He started his farm, and called it ‘Amrutha Dairy Farms’, 40 km from Bengaluru in his 3-acre ancestral land in Doddabalapur.
With the learning gained from NDRI, and support from one of his brothers, Santhosh handled the farm really well and bought 85 cows in the next two years.
However the coming year was a challenge for them as their village suffered from a severe water crisis. Water levels, which were around 200 ft, reached up to 1,000 ft, and Santhosh had to put in all his savings to deal with this situation. But this crisis led Santhosh to hunt for options.
Research led him to a surprising fact — dairy farming is not just about cows and milk. There are businesses related to dairy farming like selling fodder, transportation of milk, processing, selling cow-comforts like rubber mats and cubicles, selling medicines for the cattle, and the most profitable one –breeding of cattle.
So Santhosh started breeding cows and selling them once they started milking.
“We buy 3- to 6-month-old calves, raise them for a year and a half, and then sell to commercial dairy farms in South India. We have a batch of 60-120 calves that are sold to new farms after two years,” he informs.
He also set up the first production unit of hydroponics, which enables growing of 1 tonne of green fodder per day in a controlled environment, serving as backup just in case the rains are a no-show.
Meanwhile, a German company wanted to set up its processing unit in India. Santhosh offered his space for this and provided local consulting support, and during this period, learnt a little bit of cheese processing.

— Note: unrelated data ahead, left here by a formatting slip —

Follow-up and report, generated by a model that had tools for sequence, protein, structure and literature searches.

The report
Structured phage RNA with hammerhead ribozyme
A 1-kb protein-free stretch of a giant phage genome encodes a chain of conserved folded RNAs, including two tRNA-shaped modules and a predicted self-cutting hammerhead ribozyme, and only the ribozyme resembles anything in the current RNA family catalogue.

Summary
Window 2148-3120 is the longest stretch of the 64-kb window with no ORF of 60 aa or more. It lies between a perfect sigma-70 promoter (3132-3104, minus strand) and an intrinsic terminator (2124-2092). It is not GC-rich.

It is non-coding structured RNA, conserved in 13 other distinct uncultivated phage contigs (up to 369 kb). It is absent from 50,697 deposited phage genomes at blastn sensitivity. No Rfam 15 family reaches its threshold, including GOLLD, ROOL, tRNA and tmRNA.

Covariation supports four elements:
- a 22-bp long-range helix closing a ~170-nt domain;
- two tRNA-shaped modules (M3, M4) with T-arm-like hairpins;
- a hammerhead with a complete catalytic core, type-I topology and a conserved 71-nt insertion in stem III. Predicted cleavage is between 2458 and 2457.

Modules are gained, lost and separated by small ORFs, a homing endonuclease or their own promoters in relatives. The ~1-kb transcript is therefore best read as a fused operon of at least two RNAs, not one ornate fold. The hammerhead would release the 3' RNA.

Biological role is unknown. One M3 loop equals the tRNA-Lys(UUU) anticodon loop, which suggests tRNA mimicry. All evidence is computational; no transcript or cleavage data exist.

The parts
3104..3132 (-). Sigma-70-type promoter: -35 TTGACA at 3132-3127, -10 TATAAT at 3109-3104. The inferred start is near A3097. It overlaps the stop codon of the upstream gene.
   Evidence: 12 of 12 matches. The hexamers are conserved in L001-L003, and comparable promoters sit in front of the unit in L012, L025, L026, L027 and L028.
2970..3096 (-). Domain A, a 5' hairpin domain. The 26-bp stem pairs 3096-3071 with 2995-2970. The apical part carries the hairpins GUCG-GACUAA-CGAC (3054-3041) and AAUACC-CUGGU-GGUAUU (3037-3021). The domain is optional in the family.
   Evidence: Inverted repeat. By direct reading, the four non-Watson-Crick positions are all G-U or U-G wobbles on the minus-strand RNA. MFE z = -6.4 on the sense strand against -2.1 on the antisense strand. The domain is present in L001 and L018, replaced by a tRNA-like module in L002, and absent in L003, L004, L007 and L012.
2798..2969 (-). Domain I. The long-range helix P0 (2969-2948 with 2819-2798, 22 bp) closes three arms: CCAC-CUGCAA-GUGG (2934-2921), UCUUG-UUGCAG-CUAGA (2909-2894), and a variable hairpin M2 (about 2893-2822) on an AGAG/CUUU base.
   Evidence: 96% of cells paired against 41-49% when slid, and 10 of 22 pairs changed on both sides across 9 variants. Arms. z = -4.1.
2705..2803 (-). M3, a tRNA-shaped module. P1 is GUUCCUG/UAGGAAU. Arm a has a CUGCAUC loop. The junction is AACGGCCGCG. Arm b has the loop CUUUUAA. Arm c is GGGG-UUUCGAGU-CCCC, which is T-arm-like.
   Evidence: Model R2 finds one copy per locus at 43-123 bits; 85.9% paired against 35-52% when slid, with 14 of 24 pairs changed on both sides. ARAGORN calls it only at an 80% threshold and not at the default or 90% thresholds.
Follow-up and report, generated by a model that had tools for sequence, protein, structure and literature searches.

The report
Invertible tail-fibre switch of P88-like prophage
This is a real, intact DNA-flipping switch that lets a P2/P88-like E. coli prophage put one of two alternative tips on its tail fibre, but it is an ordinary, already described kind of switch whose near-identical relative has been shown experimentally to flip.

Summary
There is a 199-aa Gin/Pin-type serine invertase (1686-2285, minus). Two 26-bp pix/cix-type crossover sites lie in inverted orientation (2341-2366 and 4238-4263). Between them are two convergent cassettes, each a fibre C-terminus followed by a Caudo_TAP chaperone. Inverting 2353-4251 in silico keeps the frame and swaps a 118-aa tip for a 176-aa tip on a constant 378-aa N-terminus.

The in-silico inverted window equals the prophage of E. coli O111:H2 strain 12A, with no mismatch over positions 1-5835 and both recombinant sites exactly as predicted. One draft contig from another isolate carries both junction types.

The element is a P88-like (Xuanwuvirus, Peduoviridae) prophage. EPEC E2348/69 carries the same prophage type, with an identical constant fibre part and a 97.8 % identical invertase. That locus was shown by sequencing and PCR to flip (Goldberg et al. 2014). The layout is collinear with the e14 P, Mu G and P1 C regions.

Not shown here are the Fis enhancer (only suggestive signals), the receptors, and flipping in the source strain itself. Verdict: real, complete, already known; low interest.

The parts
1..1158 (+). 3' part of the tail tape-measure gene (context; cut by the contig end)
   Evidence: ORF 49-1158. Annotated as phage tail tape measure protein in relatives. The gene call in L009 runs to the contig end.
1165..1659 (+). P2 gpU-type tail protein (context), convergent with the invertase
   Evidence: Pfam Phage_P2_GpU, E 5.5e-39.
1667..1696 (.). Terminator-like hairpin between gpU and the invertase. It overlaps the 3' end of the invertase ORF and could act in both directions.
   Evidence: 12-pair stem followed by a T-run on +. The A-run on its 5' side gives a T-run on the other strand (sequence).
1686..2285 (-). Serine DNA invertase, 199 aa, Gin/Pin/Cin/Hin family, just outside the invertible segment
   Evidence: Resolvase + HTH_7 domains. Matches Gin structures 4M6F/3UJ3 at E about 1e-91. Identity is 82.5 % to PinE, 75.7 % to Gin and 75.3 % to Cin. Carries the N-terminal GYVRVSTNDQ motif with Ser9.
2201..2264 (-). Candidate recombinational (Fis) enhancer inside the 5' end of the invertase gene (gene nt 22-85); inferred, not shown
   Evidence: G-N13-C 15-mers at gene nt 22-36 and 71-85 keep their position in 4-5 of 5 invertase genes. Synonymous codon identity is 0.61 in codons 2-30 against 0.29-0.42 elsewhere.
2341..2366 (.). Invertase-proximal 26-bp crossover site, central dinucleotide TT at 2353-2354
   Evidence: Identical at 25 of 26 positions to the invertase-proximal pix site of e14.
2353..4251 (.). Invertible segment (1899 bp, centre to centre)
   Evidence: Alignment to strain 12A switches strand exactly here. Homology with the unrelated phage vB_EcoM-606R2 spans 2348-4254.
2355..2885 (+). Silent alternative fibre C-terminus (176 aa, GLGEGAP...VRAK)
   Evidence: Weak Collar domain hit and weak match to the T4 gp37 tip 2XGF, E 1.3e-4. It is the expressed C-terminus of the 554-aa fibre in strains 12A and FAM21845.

He slowly started to understand the whole value chain of the Dairy Industry and realized great opportunities that exist currently. Visitors started coming to his farm and he would enjoy meeting and interacting with them. And then came the idea of training and counseling the budding entrepreneurs.
From the past two-and-a -half years Santhosh is conducting workshops on two Saturdays of every month.
So far, he has trained 600 professionals to take up dairy farming in over 95 workshops held in more than 12 states of the country.
He has also helped setup over half a dozen dairy farms for his trainees who have hired him as consultant.
“We share everything that we have learned in the past seven years. This gives them a picture of what they can expect on the other side of their decision. The ‘One-Day Training’ that we conduct is the shortest format of Dairy Training that exists in the country. It is very encouraging to see sometimes CEOs, MDs and even senior citizens attending the one-day workshop. The training gives a 360 degree overview on commercial dairy farming practices. One can do a pilot project without quitting their job; something that doesn’t hurt their pocket or family or lifestyle,” Santhosh said while talking to TBI from his farm.
“Only 3% to 5% of people who attended the workshops took up dairy farming. Over 50% had complete clarity right after the workshop that it may not work out for them. Either they cannot do it or they don’t have the resources to do it,” he adds.